As independent tower companies seek reliable free cash-flows from their investments, they are confronted with a variety of technical, market and regulatory challenges that impact risk adjusted return requirements. In some cases, these returns can be generalised to particular regions. For example, American Tower typically seeks between 10 and 15 per cent internal rates of return (IRR) in Latin America and between 15 and 20 per cent in Africa. However, individual transactions also require careful scrutiny, particularly in cases when tower companies are investing in new markets. Companies should consider six factors.
• Zoning regulations increase the intrinsic value of incumbent towers in areas where the towers cannot be easily substituted. However, these rules may constrain a tower company’s ability to modify towers to meet future market demands. Furthermore, countries like Chile have recently introduced new and stricter zoning regulations that are being applied retroactivity to existing towers.
• Mobile service provider consolidation is inevitable in markets that have more than four dominant service providers, such as India. When consolidation occurs, the number of candidate customers for each tower decreases, but the industry as a whole normally benefits from healthier conditions. Since consolidation results in modest cell site rationalisation, the viability of each tower in an investment portfolio must be assessed in the context of market consolidation scenarios.
• Foreign ownership rules and tax obligations are subject to change, particularly in markets where the tower industry is growing fast and is of political significance. Some markets like Indonesia, restrict foreign investments, while others like India have moved to embrace it. However, Vodafone-Hutchinson’s nearly five-year tax dispute with the Indian government is an illustration of the potential challenges facing multinationals as they broaden their investment tentacles.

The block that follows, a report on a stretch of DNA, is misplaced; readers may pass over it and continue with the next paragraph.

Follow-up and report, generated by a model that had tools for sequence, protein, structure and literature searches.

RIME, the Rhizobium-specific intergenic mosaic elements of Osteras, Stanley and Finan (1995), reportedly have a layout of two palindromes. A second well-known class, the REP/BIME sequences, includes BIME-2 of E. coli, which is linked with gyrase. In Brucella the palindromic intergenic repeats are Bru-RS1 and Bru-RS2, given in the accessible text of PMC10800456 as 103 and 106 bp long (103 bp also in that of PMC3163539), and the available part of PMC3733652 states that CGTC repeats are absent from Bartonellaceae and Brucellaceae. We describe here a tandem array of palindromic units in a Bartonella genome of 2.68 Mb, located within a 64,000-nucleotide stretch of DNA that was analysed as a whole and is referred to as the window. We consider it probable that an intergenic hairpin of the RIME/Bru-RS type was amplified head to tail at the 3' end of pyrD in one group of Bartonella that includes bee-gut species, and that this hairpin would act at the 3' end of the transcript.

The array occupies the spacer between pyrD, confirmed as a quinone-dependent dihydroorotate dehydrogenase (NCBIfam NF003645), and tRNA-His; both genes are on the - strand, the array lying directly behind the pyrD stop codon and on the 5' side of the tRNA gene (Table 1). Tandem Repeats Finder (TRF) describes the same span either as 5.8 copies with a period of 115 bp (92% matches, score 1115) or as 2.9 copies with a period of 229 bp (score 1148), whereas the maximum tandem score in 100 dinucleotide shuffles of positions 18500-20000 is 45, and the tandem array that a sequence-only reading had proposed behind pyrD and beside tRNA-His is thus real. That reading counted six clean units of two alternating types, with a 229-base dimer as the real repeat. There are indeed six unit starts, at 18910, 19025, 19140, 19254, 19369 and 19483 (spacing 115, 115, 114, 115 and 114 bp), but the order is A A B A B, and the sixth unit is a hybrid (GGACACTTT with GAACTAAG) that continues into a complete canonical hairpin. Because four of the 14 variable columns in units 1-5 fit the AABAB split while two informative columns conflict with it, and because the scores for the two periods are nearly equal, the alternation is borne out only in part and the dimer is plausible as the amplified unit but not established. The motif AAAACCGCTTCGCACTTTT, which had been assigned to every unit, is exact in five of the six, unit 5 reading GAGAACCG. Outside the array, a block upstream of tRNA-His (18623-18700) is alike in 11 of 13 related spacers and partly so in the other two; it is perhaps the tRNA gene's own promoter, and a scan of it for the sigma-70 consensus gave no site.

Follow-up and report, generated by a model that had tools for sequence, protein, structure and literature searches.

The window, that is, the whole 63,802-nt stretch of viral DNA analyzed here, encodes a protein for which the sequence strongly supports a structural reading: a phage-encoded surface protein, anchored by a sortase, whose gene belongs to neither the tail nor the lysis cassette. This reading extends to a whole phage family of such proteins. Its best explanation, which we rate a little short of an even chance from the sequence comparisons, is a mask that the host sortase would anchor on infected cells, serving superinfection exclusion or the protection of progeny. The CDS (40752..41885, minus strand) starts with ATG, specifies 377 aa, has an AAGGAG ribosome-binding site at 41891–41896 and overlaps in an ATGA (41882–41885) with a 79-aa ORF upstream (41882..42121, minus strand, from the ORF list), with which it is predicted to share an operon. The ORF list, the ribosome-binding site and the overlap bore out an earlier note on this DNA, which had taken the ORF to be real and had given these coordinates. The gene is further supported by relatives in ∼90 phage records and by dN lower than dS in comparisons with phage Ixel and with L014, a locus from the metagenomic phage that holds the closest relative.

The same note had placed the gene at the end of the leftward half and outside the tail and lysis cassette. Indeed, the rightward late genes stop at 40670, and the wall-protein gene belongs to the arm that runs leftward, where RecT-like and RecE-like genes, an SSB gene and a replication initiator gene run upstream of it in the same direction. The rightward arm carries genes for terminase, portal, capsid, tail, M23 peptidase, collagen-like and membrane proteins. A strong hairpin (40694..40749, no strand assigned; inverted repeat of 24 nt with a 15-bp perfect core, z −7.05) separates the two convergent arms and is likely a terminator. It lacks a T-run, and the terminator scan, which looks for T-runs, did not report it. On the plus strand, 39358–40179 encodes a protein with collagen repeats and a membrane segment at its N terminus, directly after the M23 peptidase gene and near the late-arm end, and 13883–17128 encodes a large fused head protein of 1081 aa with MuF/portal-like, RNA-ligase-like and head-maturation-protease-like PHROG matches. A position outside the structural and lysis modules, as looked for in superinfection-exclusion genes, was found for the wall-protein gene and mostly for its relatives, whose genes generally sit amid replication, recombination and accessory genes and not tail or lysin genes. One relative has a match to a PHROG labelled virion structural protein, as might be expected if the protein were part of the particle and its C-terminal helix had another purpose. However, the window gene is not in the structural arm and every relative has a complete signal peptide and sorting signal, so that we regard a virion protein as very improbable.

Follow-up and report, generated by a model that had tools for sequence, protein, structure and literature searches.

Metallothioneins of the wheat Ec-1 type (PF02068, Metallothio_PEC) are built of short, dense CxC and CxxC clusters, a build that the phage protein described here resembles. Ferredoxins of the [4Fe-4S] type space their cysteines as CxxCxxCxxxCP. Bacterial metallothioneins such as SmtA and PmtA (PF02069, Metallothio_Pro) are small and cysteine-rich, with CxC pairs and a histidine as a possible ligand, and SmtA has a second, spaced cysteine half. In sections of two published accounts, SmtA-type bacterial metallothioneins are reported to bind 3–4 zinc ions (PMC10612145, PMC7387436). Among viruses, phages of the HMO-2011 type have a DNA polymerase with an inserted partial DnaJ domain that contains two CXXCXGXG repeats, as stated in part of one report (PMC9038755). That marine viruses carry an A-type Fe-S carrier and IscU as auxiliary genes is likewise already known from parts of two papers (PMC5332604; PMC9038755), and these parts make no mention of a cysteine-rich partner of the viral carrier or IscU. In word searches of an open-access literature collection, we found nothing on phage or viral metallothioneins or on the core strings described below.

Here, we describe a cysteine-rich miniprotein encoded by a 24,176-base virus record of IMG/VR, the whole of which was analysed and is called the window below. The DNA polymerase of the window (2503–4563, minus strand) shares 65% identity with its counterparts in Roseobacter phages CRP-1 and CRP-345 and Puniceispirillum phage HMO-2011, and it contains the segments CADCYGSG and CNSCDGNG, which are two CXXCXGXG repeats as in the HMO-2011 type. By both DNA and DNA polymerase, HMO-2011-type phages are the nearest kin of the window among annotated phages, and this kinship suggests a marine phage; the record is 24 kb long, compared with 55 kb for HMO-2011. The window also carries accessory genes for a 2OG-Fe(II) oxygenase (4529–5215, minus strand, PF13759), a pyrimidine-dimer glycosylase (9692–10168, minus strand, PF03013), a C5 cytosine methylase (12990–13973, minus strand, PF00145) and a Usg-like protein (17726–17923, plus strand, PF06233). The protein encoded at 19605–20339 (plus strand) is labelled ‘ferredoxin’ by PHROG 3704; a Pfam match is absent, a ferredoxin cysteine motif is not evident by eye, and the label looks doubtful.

• Radio spectrum licensing creates demand for overlaid network equipment that results in tower lease amendments, but reduces network densification demand. The inter-play between network densification and overlays can have a tremendous impact on tower demand. For example, tower companies in the US are seeing an average increase of $600 to $700 per lease amendment for LTE, approximately half of the value of each tower collocation associated with network expansions.
• Land ownership. Normally towers have ground leases for the sites where they are constructed. In some cases, tower companies are vulnerable to poor land ownership laws and the potential for ground lease investors to manipulate rental fees and lease terms. Since ground leases can be as much as 40 to 50 per cent of the tower rental per broadband equivalent customer, the leases can have a tremendous impact on the profitability of tower portfolio investments.
• Advanced radio technologies such as multiband antennas and high performance power amplifiers enable service providers to consolidate radio equipment and reduce tower rental obligations. Typically these technology advancements impact network overlays and are of limited consequence to incumbent systems. However, in cases where service providers opt for “rip and replace” upgrades, the impact of advanced radio technologies can be more problematic for tower companies.
Market dynamics and risk factors have a tremendous impact on the valuation of tower portfolios. The chart below demonstrates that for a tower portfolio in Latin America an average tower transaction price of between $160,000 and $180,000 is needed for the service provider to achieve a 6 to 8 per cent effective cost of capital (financial cost). Within this price range, the tower company would achieve an internal rate of return (IRR) between 12 and 15 per cent, and 15 and 19 per cent with an average of 2 and 2.5 collocations per tower, respectively.
The tower industry will continue to be vibrant for the foreseeable future as service providers, tower companies and their investors jockey for favourable positioning in the mobile industry. Given the dynamics of the mobile industry, tower investments are prone to volatility and will require careful due diligence on the part of investors. This is not only the case for emerging markets, but also mature markets where valuations are particularly sensitive to mobile market growth expectations.
By Phil Marshall, chief research officer at Tolaga Research
The editorial views expressed in this article are solely those of the author and will not necessarily reflect the views of the GSMA, its Members or Associate Members.